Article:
Sputum cultures often have low diagnostic yield. Overgrowth by commensal oral flora, environmental stresses, antibiotic use and clustering of pathogens in the sputum matrix can inhibit success. Moreover, pathogens are frequently protected in a native sputum biofilm. We have successfully cultured Streptococcus pneumoniae from a patient demonstrating signs and symptoms of active pneumococcal pneumonia using a novel biofilm disruption technique while on effective antibiotic therapy and despite the above stressors.
Streptococcus pneumoniae, sputum, anti-pneumococcal therapy, biofilm disruption technique
Handling of respiratory specimens has evolved considerably. What was once a collection of sputum at the bedside with immediate application to growth media has become a several hours to several day delay in transport to a centralized laboratory in unstable environmental conditions. Prior studies demonstrated significant loss of pathogen viability as well as overgrowth of oral commensal bacteria in specimens that were not promptly processed [1,2]. This is especially notable for common pathogens such as S. pneumoniae and H. influenzae . Delays of only three or four hours facilitate commensal bacterial overgrowth . Unfortunately, modern molecular techniques are often difficult to interpret in polymicrobial samples and previous attempts to design transport media for expectorated sputum have failed . Despite these shortcomings, guidelines continue to recommend sputum culture in all inpatients being empirically treated for potential multidrug-resistant organisms .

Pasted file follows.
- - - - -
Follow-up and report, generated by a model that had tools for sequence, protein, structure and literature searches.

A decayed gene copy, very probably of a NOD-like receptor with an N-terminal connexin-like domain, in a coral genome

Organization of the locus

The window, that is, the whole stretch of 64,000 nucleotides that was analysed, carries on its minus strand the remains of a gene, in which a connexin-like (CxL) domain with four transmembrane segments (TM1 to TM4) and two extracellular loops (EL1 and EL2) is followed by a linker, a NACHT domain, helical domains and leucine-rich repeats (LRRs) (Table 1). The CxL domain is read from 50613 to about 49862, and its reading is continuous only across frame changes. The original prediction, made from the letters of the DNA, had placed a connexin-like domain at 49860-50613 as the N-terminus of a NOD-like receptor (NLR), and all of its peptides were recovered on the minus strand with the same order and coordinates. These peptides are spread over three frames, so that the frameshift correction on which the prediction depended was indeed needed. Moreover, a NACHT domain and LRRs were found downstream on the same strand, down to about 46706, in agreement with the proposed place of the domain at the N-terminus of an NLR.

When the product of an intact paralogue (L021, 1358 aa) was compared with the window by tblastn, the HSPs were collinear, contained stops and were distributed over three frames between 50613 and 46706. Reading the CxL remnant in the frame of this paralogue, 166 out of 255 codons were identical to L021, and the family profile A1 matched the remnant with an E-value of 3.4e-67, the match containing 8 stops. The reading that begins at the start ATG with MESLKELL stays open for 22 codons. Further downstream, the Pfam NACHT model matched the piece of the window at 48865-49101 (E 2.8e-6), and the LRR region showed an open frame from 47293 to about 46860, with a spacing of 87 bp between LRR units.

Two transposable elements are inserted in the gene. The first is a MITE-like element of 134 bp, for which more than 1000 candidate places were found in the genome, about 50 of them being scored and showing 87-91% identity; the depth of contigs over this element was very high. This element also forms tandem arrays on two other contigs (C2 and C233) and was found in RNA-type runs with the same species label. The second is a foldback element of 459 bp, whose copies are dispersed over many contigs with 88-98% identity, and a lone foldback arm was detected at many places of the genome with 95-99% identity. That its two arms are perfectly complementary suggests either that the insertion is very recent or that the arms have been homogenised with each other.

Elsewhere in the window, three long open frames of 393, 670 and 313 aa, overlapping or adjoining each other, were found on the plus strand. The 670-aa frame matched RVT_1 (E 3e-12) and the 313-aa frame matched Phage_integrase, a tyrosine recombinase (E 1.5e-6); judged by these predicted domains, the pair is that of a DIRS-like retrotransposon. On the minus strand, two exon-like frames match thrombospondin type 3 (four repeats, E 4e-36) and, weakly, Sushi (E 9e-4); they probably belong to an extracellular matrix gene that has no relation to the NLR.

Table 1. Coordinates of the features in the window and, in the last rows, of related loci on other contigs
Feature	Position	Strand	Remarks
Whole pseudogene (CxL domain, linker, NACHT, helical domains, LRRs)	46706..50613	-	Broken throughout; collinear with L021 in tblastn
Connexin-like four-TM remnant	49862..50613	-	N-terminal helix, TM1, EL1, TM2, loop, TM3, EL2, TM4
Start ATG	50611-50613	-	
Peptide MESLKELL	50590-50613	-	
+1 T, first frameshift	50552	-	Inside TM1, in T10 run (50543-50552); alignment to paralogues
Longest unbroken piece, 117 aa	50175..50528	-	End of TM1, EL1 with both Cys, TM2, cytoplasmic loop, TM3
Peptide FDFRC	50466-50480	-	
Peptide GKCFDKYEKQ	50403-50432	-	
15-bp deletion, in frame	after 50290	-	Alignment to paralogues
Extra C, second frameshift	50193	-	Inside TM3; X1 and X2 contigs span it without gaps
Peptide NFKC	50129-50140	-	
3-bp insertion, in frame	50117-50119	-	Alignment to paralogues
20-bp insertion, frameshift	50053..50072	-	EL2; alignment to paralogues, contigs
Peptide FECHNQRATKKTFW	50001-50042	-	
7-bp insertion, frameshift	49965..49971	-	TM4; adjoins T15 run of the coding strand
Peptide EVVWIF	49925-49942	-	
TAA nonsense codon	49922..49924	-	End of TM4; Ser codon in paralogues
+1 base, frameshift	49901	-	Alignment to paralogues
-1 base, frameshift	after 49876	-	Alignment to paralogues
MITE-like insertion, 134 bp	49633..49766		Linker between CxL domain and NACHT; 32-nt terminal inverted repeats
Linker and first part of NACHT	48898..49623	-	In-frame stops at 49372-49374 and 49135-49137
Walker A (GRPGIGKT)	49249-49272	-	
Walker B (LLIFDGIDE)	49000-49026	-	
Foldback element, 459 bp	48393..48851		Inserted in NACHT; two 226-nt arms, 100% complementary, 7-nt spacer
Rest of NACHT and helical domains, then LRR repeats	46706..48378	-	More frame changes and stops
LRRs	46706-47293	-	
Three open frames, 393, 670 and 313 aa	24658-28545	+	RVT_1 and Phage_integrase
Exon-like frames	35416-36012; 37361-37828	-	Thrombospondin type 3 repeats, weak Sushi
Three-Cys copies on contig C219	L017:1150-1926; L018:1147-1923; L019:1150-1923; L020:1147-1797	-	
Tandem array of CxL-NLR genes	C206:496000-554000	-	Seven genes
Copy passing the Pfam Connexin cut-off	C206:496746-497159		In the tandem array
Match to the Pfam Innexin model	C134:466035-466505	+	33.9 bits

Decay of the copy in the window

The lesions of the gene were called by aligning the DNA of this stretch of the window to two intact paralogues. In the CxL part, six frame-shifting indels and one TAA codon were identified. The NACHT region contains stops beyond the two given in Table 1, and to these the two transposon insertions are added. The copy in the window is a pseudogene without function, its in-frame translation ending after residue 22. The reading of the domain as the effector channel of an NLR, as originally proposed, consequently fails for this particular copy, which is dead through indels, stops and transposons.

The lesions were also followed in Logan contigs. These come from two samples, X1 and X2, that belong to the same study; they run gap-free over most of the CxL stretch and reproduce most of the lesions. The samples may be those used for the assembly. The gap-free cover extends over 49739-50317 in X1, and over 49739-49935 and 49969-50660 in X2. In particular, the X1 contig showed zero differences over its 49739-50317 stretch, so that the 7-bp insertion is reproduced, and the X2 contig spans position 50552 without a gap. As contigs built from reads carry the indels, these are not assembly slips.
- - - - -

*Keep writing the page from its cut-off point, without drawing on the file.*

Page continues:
Natural tissue biofilm-related infection is now recognized as a common event. The National Institutes of Health revealed that among all microbial and chronic infections, 65% and 80%, respectively, are associated with biofilm formation . Enhanced survival of exposure to antimicrobials in the biofilm matrix has been demonstrated  and biofilm ecology enables gene transfer, quorum sensing and other survival-enhancing activities in response to selective pressures . It is reasonable to suspect that acutely inflamed parenchyma can also support the presence of native biofilms in pneumonia and serious bronchitis.
Herein, we describe the successful isolation of Streptococcus pneumoniae from sputum collected two days after initiation of anti-pneumococcal therapy using a novel specimen collection method. The study was approved by the study sponsor’s institutional review board and informed consent was obtained from the patient prior to specimen collection.
The patient is a 59-year-old woman who was presented to the emergency room in November 2019 with dyspnea. Her past medical history is notable for tobacco use, heavy alcohol use and chronic bronchitis. She had a temperature of 101.2°F, pulse rate of 123 beats per minute, respiratory rate of 22 breaths per minute and oxygen saturation of 83% on room air. Chest X-ray demonstrated a left perihilar infiltrate. Physical examination was notable for decreased breath sounds bilaterally, scattered inspiratory rhonchi and tachycardia. Leukocyte count was 17.1 with 89% neutrophils. Urine Pneumococcal antigen was positive. Urine Legionella antigen was negative. Influenza A/B PCR was negative. She was started empirically on ceftriaxone and azithromycin. Blood cultures were negative. Sputum culture was not collected until the second day of admission as she was unable to expectorate.